It took a few months and several meetings of the Norwegian Press Complaints Commission, but all of the many complaints about press coverage of the July 22nd massacre have now been addressed. The council found that Dagbladet had not breached the journalistic code of ethics with its frequent coverage of Anders Behring Breivik on its front page, as the universal news value of the story merited that frequency. Likewise, the council decided that Verdens Gang did not breach the code by printing photographs of Breivik’s reenactment of his crimes, noting that the paper showed sensitivity to survivors by placing the most disturbing photos on its inside pages, rather than its front cover. The newspapers that printed the photograph of the complainant’s wife who was killed in the Oslo city bombing, however, were found to have shown a lack of restraint. At the moment that the editors printed the photograph, they did not know whether or not the woman’s family was aware of her death (even though, as it turned out, they were), and so that was a breach of Norway’s code for ethical journalism.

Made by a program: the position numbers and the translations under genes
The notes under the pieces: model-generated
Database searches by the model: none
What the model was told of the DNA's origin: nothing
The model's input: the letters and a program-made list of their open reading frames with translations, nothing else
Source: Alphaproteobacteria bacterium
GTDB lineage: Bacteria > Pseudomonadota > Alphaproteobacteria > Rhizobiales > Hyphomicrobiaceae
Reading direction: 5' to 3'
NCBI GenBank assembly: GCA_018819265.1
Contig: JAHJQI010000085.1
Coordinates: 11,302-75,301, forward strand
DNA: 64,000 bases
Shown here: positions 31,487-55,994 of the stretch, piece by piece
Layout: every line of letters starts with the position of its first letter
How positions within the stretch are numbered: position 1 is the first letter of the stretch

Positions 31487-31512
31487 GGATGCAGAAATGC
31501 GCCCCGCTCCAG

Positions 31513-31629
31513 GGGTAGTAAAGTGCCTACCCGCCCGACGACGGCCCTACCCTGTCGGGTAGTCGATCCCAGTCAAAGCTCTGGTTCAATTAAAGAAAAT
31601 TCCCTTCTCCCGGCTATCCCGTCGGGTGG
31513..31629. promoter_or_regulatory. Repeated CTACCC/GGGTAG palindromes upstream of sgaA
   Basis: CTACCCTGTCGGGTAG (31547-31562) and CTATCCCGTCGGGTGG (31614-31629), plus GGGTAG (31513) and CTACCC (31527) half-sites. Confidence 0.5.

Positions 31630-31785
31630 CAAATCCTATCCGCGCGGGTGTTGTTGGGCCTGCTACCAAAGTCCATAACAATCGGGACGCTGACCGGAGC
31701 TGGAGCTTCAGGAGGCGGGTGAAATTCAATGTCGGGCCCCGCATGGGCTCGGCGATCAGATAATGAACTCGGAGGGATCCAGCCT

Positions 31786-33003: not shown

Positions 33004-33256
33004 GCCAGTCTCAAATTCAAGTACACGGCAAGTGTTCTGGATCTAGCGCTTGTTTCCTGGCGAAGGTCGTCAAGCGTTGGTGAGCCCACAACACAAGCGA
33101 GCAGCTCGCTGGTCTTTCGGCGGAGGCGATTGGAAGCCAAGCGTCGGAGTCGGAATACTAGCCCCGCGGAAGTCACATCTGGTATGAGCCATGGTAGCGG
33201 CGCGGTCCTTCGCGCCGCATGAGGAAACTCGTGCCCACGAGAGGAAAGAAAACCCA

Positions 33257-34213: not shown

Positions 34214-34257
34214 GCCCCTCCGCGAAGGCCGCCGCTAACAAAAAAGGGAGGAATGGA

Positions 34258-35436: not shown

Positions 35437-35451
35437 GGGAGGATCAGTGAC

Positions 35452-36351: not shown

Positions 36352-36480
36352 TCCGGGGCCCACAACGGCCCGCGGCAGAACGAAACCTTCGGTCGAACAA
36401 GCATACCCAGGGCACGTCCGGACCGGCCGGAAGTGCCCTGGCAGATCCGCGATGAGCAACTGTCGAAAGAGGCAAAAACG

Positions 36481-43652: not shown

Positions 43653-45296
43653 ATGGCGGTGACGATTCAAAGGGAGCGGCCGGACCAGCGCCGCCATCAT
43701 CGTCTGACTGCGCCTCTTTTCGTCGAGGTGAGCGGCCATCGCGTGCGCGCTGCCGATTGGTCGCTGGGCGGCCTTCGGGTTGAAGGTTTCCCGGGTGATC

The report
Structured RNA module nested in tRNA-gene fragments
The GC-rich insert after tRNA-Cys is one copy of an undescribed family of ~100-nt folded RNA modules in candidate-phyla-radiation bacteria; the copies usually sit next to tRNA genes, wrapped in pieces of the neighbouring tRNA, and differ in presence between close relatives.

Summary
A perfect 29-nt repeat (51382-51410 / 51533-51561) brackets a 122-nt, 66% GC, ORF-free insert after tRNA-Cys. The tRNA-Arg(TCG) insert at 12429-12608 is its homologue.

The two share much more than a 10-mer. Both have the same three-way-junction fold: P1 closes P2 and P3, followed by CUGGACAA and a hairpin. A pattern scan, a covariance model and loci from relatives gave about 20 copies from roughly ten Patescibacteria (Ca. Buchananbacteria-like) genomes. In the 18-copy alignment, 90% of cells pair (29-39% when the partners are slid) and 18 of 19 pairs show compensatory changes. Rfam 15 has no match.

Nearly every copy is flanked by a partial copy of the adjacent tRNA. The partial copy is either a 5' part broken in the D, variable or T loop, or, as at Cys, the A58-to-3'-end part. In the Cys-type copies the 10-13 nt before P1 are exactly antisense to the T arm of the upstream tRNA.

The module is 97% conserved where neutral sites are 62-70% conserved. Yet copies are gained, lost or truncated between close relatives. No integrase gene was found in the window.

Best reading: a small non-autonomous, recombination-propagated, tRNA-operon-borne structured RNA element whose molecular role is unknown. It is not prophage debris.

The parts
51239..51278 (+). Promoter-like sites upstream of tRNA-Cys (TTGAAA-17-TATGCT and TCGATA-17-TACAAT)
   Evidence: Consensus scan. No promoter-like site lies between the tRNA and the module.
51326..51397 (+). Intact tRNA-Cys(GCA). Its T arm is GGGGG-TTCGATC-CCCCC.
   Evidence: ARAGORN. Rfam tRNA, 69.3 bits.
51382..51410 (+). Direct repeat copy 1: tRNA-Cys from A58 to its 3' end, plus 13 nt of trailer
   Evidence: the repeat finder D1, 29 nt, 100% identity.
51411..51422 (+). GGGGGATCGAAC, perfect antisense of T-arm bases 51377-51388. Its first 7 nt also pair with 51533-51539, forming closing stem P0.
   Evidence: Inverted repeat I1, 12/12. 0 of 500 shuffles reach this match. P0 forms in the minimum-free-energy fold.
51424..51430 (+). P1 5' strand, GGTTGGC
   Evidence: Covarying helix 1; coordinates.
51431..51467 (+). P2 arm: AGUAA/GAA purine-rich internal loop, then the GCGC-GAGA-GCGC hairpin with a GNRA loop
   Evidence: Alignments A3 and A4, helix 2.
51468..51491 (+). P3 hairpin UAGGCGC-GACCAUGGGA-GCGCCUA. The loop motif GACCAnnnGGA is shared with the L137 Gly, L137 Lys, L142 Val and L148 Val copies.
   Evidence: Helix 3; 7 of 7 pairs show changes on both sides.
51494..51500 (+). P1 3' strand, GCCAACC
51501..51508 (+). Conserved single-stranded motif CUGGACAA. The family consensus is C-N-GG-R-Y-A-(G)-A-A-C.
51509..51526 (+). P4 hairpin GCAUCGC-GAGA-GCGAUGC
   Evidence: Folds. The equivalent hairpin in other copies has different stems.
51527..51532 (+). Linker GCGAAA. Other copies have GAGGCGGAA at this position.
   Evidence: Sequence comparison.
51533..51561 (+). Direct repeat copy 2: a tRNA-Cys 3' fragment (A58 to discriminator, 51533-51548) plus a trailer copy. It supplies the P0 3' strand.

As Breivik’s trial began last week, journalists in Norway must have had these and other similar complaints in mind as they determined how to cover the largest court case in the country’s peacetime history with, both thoroughly and compassionately. One daily tabloid, taking its cue from the U.K.’s Guardian, found a simple but ingenious solution to the problem of over-saturation of the painful story. Showing sensitivity to the survivors of the July 22nd attacks—as well as to any number of traumatized Norwegians who feel they have seen enough of Breivik’s face—Dagbladet was the first to introduce a button offering readers a “Breivik-free” version of the daily news.
Correction (04/25/12): This story initially reported that the Norwegian-language name for the Norwegian Press Complaints Commission is Norsk Presseforbund. In fact, the organization is called Pressens Faglige Utvalg. The relevant sentence has been corrected. CJR regrets the error.